Extracting Jenkins Credentials for Use in Another Place

I support a bunch of Jenkins servers for CI/CD. One of the things we wanted to do was stuff all our credentials into Jenkins so devs could manage them there instead of giving them rights in the AWS console to set secrets in SSM parameter store.

On its face, this might sound kinda crazy: the parameter store UI is really nice. But we decided that since we already have to set up role-based privleges for the Jenkins Folders (for managing jobs) that it’s easy to re-use this for controlling access to the secrets.

The approach taken is Terraform creates some SSM parameters with dummy values. These have a TF lifecycle rule set so it won’t recreate the param with the dummy value once it’s set. The terraform module ends up emitting a map of parameters as an output. terraform output can give you the map as JSON.

I wanted to build a reusable Jenkins step that any developer could include in their pipeline for syncronizing Jenkins credential values to the parameters in SSM. I figured I could make something happen in a script block with plain-old Groovy loop once I parsed the TF output.

I ran into tons of roadblocks:

  • Parsing JSON in a script { } block has a pitfall: its JSOn lib can return a LazyMap. Every step in a script block needs to be serializable so Jenkins can pause at any point, and that kind of map wasn’t compatible with Jenkins’ var serilization.
    • There is a workaround: you can create a function and annotate it NonCPS. This tells Jenkins it needs to execute the entire function atomically, instead of saving state after every line.
  • You normally call a helper method in withCredentials, like string(credentialsId: 'something'). Those aren’t available in a script block.
    • The workaround here is to use an array with $class: 'StringBinding' in it. Some magic happens that is equivilent to calling a helper method.

The last caveat was the hardest to get around: the withCredentials() directive is not designed to extract a variable number of credentials. In fact, I couldn’t get it to work at all inside the script, since it returned something unserializable.

I got it working with a gnarly solution. The script block parses the parameter output from TF, loops through, and builds two lists: one for withCredentials() in a normal steps block, and another injected as an environment variable for Bash to loop through.

With that done, I just needed a little shell script for parsing the env var, looping through, and calling aws ssm put-parameter.

Here’s a demo of the pipeline:

def parseJson(jsonString) {
    def lazyMap = new groovy.json.JsonSlurper().parseText(jsonString)
    // JsonSlurper returns a non-serializable LazyMap, so copy it into a regular map before returning
    def m = [:]
    return m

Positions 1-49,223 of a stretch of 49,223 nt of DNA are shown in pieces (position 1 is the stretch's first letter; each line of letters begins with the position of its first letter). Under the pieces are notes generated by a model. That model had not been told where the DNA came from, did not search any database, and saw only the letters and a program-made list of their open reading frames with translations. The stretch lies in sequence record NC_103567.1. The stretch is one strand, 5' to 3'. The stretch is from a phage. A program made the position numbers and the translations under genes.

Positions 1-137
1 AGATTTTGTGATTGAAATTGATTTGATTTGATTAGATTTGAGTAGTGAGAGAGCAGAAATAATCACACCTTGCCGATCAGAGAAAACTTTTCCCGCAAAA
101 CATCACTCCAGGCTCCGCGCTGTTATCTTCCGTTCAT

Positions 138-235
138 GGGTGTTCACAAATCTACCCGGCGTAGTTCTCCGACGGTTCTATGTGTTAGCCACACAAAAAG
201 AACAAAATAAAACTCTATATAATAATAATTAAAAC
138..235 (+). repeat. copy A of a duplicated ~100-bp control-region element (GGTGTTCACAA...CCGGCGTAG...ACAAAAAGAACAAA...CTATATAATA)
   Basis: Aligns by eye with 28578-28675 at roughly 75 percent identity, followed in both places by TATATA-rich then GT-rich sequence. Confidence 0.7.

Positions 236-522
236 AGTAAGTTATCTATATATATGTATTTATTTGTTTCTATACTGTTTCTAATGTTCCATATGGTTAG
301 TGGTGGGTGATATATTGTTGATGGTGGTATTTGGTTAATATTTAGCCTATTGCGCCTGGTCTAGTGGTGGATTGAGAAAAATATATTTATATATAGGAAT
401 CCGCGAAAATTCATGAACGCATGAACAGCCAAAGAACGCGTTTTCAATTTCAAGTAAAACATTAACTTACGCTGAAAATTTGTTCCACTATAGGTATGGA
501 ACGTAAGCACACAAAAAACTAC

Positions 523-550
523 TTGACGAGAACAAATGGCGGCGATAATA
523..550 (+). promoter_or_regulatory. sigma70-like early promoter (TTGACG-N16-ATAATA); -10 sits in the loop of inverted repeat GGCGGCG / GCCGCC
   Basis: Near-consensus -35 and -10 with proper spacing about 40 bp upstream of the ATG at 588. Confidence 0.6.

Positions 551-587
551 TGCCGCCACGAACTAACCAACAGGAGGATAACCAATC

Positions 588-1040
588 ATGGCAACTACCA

pipeline {
    agent any

    stages {
        stage ('Terraform') {
          // terraform init && terraform apply -auto-approve && etc . . .

        stage ('Publish Secrets to SSM') {
            steps {
                    $class: 'AmazonWebServicesCredentialsBinding',
                    credentialsId: 'aws',
                    accessKeyVariable: 'AWS_ACCESS_KEY_ID',
                    secretKeyVariable: 'AWS_SECRET_ACCESS_KEY'
                ]]) {
                    script {
                        def params_json = sh(label: 'Param map', returnStdout: true, script: 'terraform output -json parameters').trim()
                        def params = parseJson(params_json)

                        credentialsToResolve = []
                        def CREDS_FOR_BASH = ""
                        def bashIndex = 0;

                        for (param in params) {
                            credentialsToResolve << [$class: 'StringBinding', credentialsId: param.key, variable: "SECRET_VALUE_${bashIndex}"]
                            CREDS_FOR_BASH = CREDS_FOR_BASH + "${param.key}\t${param.value}\t${bashIndex}\n"

                        env.CREDS_FOR_BASH = CREDS_FOR_BASH;

                    withCredentials(credentialsToResolve) {
                        sh '''
                        for line in $CREDS_FOR_BASH; do
                            param_name=$(echo $line | awk -F'\t' '{print $1}')
                            param_arn=$(echo $line | awk -F'\t' '{print $2}')
                            secret_index=$(echo $line | awk -F'\t' '{print $3}')
                            aws ssm put-parameter --name ${param_arn} --type "SecureString" --value ${!secret_var} --region us-east-2 --overwrite

The final version got refactored into a Jenkins shared library. My developers just have to include two lines in their pipelines to get that functionality.